My Blue Snowball USB Microphone
The USB Microphone that Fits Right at Home
My experience with the Snowball started when I attended a Music Theory course at Full Sail University. I met an ukulelist named Will Davenport who gifted me his SnowBall microphone. I've mentioned before that this microphone is great for beginners who cannot afford a microphone that needs an XLR cable and an pre-amp. This microphone comes with a 2.0 type A to type B USB cable, which is similar to printer cables. If you ever needed to have your cable replaced, you could buy a USB printer as a cheaper alternative. When my friend gifted me his Snowball, he gave me a printer cable and it worked perfectly.
The microphone was easy to use and it did not require a CD installation. All I had to do was plug it up and my laptop recognized the external device. DAWs like Logic Pro X and Garageband recognized the microphone. The best part about that is that I didn't have to go through the system settings to set up my microphone in order for it to record.
This made recording easier, and I've had many uses for them.
Before the Blue Snowball
Before I was gifted a Blue Snowball, I recorded audio from the built-in microphone on my Macbook Pro. At that time, I only used a pair of earbuds and recorded my vocals straight on my laptop. It felt awkward at first since I was literally facing my laptop as if I was FaceTiming somebody.
Using my laptop to record, the built-in microphone picked up sounds from the laptop.
Using my laptop to record, the built-in microphone picked up sounds from the laptop. The annoying sounds included this fine list of inconvenience.
- internal fan
- hard drive noise
- ambient noises
- sounds bleeding from the headphones
It was hard work to edit out the noise. The noise reduction plugins in my DAW (digital audio workstation) didn't take care of the job. In some cases, using my EQs and my noise reduction plugins ruined my vocal tracks completely.
My vocals had more definition from the recording. The problems I had with recording, before, went away. I was able to have more control with how I wanted to record. This was before I now have the ability of mic placement.
For a USB microphone, the Snowball produces a keen sound. There is a difference between the sound quality in terms of USB and XLR, but listeners wouldn't be able to tell the difference unless they're experts on microphones. This is great for beginners who want to work on improving their sound quality while on a small budget. Mic placement is the first step to recording that perfect sound you were going for, and with the adjustable stand, you can find the right spot you were going for. I even plugged the cable into a USB extension cable to place the microphone at that "sweet spot" to record.
And when it is ready to mix, the job became a whole let easier.
This microphone has 3 polarity switches for the convenience of the user. Each switch has its own unique functions to allow the person to record how they want to record.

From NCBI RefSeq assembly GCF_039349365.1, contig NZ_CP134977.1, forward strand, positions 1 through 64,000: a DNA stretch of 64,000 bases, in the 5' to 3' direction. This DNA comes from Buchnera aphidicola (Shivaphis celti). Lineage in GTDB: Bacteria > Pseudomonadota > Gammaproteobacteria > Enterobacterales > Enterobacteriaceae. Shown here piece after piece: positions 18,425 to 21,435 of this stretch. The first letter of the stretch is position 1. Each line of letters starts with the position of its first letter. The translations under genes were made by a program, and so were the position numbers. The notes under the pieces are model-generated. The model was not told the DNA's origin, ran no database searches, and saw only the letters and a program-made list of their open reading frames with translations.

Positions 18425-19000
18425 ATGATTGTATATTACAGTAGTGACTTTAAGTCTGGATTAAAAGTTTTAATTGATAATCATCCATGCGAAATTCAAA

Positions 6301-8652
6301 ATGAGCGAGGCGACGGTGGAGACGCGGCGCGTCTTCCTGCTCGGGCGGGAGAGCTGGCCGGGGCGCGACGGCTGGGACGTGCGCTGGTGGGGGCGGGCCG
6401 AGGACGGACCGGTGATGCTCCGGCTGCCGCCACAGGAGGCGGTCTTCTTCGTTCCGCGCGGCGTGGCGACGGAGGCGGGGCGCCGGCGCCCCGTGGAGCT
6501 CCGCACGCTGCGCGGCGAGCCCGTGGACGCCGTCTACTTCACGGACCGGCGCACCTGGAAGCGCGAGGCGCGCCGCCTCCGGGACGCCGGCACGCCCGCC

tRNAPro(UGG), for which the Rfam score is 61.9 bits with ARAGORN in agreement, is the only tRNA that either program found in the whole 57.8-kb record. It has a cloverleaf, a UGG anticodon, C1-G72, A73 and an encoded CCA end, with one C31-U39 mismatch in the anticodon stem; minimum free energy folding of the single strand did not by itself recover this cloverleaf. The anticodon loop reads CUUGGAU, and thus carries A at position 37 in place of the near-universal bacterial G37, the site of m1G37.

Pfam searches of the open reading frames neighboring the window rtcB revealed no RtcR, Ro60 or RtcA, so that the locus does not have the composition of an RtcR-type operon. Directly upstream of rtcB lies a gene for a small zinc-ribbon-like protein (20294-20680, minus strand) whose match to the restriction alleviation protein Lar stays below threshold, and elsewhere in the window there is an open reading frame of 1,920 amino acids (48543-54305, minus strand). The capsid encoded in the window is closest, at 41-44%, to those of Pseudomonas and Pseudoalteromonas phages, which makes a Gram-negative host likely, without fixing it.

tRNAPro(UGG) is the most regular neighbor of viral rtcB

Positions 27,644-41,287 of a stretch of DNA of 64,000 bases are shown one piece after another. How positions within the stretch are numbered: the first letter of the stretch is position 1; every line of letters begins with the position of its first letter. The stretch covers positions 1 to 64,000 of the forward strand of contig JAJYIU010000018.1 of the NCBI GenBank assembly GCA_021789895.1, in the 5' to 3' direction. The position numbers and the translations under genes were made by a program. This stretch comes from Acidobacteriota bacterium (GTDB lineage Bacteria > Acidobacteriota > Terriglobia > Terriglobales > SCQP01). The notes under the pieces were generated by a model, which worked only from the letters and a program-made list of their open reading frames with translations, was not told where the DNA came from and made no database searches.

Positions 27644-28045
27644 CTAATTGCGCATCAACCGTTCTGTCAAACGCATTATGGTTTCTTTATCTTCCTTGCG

- Cardioid: This mode focuses on the sound source that is in front of the microphone. This is great for singing, podcasting, Youtube commentary, and any and all vocal work. I have used this to mode to record my acoustic strumming and other acoustic sessions. I have also used this mode to record backup vocals.
- Cardioid with -10db Pad: This mode allows for a more amplified recording. This is great for when you want to capture more definition from the sound source. Maybe the first mode couldn't capture the sound the way you had hoped for. I used this mode to record my main vocals. This is also useful when recording rap vocals. I switch between the two modes and experiment on which one I like more, as far as main vocals go. When I use to record vlogs, I used this mode more.
- Omnidirectional: Omnidirectional mode records sounds from all directions This mode is great for live performances or group vocals. This is also great for when you want to record an ensemble of instruments.
Because the microphone does a great job for recording sounds, mixing and editing is easier to do since you don't need to fix any noise issues. You can go right into added effects like delays or reverbs. In my case, I rarely needed to reduce the noise since I've gotten better at mic placement. Mixing just because all about figuring out what I wanted to do with the audio. The only time I would only rerecord is when I didn't like the recording itself. It wasn't because a noise was picked up by the microphone nor because the sound coming from my headphones bled* into the microphone. In most cases, I was allowed to listen back to my audio and judge my performance. To me, that's the best part about this microphone.
*side note: bleeding is described when the music or sound coming from your headphones is picked up by your microphone. It tends to happen and sometimes you can prevent it from happening by playing with the polarity switch or by turning down the sound on your headphones a few decibels. If that doesn't work, experimenting with the EQ does the trick.
If you're looking for a cheap microphone that records audio in a way that the listener isn't to tell that you used a cheap microphone than Blue Snowball is for you. Hands down, this is a great USB microphone for anyone who cannot afford a "regular microphone".
Blue is known for manufacturing great microphones, so expect more Blue reviews from me. I really enjoyed working with this microphone. The important thing about any equipment or "toys" is having fun with them. It could be the most expensive, best microphone in the world, but if you cannot have fun with that microphone then you are wasting your time.
If this sounds like a microphone you would want to add to you collection, I say go for it. Have all the fun in the world.
© 2017 Nathaniel Brown